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Enemy Air-Borne Forces, Military Intelligence Service, Special Series No. 7, December 2, 1942
[DISCLAIMER: The following text is taken from the wartime U.S. War Department publication. As with all wartime intelligence information, data may be incomplete or inaccurate. No attempt has been made to update or correct the text. Any views or opinions expressed do not necessarily represent those of the website.]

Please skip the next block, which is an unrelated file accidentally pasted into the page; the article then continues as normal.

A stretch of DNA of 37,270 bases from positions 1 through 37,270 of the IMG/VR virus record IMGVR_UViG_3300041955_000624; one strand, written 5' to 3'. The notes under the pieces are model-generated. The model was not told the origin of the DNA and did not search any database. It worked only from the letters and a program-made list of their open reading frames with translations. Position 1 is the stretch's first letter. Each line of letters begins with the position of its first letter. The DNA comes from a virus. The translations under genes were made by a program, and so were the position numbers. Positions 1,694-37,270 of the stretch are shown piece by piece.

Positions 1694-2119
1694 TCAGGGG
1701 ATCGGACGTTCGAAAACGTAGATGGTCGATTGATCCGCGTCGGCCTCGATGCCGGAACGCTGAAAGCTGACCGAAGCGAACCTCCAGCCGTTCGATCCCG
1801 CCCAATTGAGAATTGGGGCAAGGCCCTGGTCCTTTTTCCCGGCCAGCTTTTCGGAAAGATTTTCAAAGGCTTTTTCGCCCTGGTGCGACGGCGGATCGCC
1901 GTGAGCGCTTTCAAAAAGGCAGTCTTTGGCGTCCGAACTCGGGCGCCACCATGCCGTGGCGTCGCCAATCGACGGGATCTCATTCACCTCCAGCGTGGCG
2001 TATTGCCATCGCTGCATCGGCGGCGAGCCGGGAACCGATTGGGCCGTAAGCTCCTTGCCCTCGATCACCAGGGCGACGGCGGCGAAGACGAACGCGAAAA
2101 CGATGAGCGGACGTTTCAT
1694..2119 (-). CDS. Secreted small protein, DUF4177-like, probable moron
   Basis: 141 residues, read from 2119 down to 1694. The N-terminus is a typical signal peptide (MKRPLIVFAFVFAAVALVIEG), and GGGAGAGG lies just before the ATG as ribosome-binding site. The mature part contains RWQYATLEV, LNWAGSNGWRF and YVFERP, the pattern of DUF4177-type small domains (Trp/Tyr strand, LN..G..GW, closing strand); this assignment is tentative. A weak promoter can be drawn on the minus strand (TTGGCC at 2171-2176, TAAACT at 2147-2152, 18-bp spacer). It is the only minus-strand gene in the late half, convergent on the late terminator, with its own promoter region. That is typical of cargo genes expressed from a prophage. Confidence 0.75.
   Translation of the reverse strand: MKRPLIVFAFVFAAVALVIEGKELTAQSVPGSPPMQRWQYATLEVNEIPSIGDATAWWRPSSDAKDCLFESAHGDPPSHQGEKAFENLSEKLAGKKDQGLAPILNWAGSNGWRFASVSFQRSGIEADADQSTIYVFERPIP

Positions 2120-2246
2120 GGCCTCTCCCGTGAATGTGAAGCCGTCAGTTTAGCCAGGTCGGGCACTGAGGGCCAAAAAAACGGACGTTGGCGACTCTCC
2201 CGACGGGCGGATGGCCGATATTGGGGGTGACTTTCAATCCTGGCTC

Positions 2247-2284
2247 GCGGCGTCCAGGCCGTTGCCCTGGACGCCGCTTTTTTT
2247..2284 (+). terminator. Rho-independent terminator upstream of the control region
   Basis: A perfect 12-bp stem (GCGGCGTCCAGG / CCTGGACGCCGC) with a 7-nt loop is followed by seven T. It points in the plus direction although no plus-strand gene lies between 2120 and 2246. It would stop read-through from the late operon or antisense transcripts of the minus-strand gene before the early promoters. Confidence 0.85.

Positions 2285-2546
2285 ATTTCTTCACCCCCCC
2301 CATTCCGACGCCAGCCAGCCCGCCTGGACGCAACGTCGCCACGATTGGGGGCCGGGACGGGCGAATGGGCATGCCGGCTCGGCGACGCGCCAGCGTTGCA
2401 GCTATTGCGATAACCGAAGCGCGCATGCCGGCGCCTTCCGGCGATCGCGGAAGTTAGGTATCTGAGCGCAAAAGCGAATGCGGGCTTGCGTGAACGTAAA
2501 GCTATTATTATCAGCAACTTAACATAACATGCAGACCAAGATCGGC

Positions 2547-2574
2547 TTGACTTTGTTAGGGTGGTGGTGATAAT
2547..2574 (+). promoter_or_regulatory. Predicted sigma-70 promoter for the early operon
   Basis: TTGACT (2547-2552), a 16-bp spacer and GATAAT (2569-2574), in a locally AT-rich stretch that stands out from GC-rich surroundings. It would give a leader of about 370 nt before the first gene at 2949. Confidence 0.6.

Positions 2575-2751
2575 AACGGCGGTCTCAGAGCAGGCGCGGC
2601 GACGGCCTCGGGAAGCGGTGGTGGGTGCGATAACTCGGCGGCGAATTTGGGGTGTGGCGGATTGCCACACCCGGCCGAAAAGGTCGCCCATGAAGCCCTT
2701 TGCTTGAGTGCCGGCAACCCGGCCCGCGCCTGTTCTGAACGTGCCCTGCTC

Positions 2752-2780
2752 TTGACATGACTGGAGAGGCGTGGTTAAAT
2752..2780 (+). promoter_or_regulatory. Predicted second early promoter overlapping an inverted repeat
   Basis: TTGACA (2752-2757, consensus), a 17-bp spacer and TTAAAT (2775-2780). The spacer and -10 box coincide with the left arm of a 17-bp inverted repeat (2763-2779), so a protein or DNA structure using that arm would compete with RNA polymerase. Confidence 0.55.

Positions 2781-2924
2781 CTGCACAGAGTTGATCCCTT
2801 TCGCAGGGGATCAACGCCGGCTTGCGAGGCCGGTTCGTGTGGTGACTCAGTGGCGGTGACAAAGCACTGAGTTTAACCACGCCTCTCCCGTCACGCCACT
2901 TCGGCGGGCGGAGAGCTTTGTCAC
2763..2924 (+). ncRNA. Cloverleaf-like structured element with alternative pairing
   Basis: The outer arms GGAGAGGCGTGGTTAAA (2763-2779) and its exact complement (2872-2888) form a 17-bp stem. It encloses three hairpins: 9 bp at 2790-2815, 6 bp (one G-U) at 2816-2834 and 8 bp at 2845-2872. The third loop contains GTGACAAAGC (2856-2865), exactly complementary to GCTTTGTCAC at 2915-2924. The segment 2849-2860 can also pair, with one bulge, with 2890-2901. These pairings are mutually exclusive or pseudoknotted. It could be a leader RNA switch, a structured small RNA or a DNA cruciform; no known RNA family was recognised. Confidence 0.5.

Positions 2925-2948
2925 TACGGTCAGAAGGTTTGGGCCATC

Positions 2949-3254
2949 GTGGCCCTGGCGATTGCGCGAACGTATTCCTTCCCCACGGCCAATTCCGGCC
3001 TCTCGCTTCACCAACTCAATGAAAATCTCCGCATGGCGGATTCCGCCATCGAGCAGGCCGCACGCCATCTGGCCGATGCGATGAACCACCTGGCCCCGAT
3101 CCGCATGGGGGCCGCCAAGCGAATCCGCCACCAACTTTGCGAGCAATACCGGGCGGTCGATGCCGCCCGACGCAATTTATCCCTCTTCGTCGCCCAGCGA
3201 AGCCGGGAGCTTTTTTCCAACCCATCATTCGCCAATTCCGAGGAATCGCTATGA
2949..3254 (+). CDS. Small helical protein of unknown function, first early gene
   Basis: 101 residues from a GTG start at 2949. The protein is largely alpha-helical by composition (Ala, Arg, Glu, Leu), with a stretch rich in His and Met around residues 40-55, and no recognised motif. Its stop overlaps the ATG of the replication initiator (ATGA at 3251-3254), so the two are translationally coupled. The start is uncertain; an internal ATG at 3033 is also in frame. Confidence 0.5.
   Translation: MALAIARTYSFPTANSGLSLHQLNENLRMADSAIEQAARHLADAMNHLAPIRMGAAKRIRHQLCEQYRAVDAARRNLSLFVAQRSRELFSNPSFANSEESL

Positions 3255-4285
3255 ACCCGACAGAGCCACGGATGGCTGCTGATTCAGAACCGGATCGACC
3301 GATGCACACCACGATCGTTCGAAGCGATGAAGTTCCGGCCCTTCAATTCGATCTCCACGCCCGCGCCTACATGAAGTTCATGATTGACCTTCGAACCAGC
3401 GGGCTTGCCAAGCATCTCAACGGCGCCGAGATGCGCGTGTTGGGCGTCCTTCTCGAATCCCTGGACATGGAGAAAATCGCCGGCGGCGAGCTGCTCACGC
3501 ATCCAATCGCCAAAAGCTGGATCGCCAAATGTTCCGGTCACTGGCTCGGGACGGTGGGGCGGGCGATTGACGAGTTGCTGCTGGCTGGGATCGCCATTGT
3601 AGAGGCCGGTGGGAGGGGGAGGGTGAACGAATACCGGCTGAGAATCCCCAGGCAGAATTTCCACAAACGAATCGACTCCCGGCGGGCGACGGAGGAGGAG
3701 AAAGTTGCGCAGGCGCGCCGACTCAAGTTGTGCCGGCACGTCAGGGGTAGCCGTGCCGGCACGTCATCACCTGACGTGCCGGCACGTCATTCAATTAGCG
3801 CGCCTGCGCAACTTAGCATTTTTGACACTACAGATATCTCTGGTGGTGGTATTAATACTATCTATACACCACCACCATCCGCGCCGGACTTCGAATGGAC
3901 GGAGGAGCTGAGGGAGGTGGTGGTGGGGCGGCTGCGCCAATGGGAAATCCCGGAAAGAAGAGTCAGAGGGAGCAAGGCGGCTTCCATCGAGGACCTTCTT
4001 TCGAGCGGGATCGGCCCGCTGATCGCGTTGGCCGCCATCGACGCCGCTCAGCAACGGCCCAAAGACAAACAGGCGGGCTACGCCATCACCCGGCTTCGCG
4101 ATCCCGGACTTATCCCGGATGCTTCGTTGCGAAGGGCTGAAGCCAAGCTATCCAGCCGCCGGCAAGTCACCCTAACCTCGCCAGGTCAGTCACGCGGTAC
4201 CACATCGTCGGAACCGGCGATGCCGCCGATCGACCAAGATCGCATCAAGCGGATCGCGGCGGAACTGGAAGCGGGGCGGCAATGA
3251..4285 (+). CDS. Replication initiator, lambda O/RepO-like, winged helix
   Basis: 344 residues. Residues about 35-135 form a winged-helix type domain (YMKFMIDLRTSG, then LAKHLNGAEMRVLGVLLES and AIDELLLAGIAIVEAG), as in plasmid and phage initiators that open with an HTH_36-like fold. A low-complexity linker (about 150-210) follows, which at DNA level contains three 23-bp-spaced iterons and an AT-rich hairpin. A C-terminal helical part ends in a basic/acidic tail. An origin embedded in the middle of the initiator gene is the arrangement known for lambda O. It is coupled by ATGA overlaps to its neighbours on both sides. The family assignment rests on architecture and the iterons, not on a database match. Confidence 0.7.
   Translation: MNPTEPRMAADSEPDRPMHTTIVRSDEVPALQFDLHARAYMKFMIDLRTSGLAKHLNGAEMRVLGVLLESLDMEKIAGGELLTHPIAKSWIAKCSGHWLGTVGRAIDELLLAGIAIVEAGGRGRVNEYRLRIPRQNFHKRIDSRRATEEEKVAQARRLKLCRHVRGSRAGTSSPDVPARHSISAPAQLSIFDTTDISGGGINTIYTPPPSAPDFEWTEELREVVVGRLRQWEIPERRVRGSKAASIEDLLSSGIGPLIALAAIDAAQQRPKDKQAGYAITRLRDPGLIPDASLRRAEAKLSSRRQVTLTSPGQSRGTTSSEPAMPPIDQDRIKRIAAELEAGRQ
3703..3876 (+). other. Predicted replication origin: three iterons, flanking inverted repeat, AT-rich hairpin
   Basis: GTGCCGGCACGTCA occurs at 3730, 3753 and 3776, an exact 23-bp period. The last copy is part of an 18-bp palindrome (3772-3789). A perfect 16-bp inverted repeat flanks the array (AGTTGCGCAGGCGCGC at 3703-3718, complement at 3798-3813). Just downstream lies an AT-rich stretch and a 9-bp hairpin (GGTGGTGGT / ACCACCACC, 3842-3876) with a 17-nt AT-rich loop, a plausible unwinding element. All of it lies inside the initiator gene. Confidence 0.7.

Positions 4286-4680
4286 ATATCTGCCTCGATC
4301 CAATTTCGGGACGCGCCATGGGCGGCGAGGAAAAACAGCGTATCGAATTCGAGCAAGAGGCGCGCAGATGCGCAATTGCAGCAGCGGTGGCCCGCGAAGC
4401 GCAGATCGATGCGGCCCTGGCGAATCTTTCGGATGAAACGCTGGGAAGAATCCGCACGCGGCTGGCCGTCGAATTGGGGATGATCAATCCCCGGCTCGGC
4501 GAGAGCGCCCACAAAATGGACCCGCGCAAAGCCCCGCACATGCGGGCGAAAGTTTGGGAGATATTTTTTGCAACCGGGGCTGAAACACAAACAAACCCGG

Although it is known that in Crete the air-landing troops did not arrive in strength until the day following the initial parachute attack, it is thought that the Germans would, in face of air fighter defenses, mobile reserves, and organized land defenses, be compelled to reinforce their parachute troops at the earliest moment. Command will be taken over by commanders of army troops, who will have had a large share in framing the comprehensive plan of attack.

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